Thursday, November 15, 2012

Retirement : The Dream vs. Reality

Our retirement dreams come in an endless variety.

There are those who dream of moving closer to kids and grandkids and participating in their lives on a daily basis.

There are those who read the glossy brochures about active adult communities offering promises of non-stop fun and activities and a new sense of belonging.

There are those who plan to stay in place but with more time to enjoy hobbies and interests.

And there are those who dream of travel and adventure -- from full-time RVing to traveling the world.

For many, these dreams come true, sometimes more vividly, more wonderfully than they ever imagined.

For others, there can be a huge gap between what they expect in retirement and what life evolves to be.

There are a lot of reasons why reality can be quite different from one's initial retirement dreams.

It can be a matter of timing. Grandparents move to be close to grandchildren just as they are transitioning to adolescence, have countless activities and want to be with their friends more than with family. Or some may wait for years after retirement - while staying close to family -- to move to an active adult community. At that point, they may be disappointed, feeling isolated and finding that this is not the ideal lifestyle for someone at an advanced age and/or with significant disabilities who might be happier in assisted living or in a life care community.

It can be a matter of an imbalance between fantasy and gritty reality. There are many people who read the brochures for communities like this and come to visit in the winter -- and think it's perfect, only to be shellshocked come summer.

There is a couple who live a block away from us who followed that pattern. Natives of India who have lived most of their lives in London and then, more briefly, Chicago, they came for a visit in December 2009 and were blown away by the beauty of the place and the wide range of activities. They immediately bought an already completed spec home and moved in the next month, absolutely delighted. The shock came around May when temperatures began to soar. The husband, who is in his late 80's, was hospitalized twice with heat exhaustion even from brief exposure. The wife, who is a decade younger, is active in exercise classes and other activities, but also suffers from the heat. Now they are here only five months a year -- needing to stay with their son in New York or their daughter in Northern California during the spring, summer and early fall months. And they talk a lot about selling their home and moving to a more forgiving climate.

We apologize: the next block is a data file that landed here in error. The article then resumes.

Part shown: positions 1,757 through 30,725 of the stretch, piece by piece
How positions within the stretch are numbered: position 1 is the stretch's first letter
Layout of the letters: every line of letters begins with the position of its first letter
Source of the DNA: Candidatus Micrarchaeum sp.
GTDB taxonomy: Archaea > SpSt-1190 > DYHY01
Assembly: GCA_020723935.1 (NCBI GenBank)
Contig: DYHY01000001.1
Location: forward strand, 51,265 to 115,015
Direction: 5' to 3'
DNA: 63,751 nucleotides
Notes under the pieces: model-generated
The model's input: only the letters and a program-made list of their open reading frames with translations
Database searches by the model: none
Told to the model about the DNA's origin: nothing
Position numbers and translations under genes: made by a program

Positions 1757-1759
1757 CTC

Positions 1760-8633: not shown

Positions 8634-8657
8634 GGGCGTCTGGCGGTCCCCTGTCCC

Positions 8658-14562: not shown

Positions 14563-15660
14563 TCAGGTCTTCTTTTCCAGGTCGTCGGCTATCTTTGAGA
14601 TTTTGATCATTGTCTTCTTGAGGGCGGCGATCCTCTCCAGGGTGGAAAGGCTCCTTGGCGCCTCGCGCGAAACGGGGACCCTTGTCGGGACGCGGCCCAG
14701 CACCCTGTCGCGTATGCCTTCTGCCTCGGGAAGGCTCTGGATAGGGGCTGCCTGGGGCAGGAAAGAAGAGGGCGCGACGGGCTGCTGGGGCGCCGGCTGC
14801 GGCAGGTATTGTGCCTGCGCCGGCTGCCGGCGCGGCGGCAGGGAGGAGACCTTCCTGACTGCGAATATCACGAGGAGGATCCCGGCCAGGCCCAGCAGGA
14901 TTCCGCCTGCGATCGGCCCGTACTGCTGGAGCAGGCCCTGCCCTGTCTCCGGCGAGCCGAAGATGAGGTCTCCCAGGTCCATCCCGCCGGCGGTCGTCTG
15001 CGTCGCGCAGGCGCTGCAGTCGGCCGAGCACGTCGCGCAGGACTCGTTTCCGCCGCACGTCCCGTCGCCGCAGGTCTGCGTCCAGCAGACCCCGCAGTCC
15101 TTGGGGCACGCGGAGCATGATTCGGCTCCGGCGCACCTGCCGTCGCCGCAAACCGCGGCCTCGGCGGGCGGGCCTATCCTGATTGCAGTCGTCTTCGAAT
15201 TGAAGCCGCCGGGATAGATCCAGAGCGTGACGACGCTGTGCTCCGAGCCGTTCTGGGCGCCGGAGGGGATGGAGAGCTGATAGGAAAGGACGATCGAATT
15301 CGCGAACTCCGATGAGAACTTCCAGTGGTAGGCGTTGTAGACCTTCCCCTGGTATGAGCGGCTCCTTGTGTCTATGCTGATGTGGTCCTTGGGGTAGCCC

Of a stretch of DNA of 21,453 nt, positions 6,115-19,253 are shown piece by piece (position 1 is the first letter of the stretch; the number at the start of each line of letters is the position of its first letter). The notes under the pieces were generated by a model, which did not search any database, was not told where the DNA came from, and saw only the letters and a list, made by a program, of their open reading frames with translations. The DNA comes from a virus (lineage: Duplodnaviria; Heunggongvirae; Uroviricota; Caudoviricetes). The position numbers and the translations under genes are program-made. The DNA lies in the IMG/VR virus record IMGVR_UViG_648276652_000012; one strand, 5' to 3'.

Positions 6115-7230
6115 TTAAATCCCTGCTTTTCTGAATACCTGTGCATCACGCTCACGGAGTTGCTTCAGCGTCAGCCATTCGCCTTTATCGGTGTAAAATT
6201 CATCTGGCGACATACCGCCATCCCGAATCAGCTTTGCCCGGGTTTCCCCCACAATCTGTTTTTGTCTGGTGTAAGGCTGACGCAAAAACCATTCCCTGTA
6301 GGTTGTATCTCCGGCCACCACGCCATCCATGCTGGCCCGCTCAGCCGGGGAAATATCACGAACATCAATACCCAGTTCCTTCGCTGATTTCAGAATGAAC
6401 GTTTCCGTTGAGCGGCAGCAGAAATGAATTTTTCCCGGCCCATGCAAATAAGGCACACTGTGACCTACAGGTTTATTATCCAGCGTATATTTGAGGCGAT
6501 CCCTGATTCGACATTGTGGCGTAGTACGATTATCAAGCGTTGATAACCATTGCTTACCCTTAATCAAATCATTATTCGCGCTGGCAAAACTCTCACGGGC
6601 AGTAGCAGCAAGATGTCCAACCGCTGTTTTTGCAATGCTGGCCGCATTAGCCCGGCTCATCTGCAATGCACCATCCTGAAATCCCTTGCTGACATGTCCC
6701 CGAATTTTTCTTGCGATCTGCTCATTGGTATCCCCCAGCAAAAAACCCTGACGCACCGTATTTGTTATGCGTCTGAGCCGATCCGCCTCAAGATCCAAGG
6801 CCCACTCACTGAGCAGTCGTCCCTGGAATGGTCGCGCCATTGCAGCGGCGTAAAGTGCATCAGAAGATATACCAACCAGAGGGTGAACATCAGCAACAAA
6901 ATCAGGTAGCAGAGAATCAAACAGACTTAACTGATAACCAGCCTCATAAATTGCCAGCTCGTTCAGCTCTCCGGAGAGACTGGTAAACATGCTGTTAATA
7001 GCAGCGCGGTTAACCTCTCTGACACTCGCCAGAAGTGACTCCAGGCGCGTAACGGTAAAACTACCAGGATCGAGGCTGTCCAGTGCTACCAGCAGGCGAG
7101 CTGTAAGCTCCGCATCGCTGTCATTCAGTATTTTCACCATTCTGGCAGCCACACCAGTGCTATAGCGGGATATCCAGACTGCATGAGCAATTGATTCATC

Their experience -- and that of many others -- could have been avoided if they had come to look at the community at another time of year. If you're thinking about moving to the Southwest, here's a hint: do an exploratory trip in late July or August. You'll get the double treat of the blazing heat along with monsoon humidity. If you're planning to be a full-time resident, that's the true test of whether this is the place for you. Only if you're an aspiring "Snowbird" would checking out a community like this in the winter make any sense at all. (Bob and I made two trips over here in July of 2008 and July 2009 before making the decision to buy.)

Even if you don't re-locate in retirement, the gap between dream and reality can be jarring. Life just feels much different than you imagined once you clock out at work for the last time.

You may have dreamed of life feeling exciting and free in retirement. And it is. There is something incredibly delicious about going to the movies at 11 a.m. on a Tuesday morning or living largely free of alarm clocks and tight schedules.

Aunt Molly always told me that the best part of retirement was waking up each morning and saying to herself "Today is MINE!"

But for some people, the loss of work connections and prestige and the weight of unscheduled time is an unexpected stressor. There are, of course, some of us who are delighted with every moment and fill our days with good conversations, reading, hobbies, family and friends and volunteer work. But there are others who feel overwhelmed by all the available hours or who wonder, with quiet anguish, "Who am I now??"

One neighbor sits mindlessly watching anything that happens to be on t.v. or, often, he just sits and stares straight ahead for many hours of the day. He never developed interests or hobbies outside of work -- and thinks he's too old to start cultivating any now. Of course, it's never really too late to be fascinated by life, to offer one's services and skills. Many men who live here find that they miss their work lives more than they ever imagined, but are filling the gap with volunteer work or consulting.

There are those, too, who envisioned a retirement entirely on the move as RVers or constant travelers and who, in reality, have ended up modifying their dreams by choice or by unforeseen circumstances.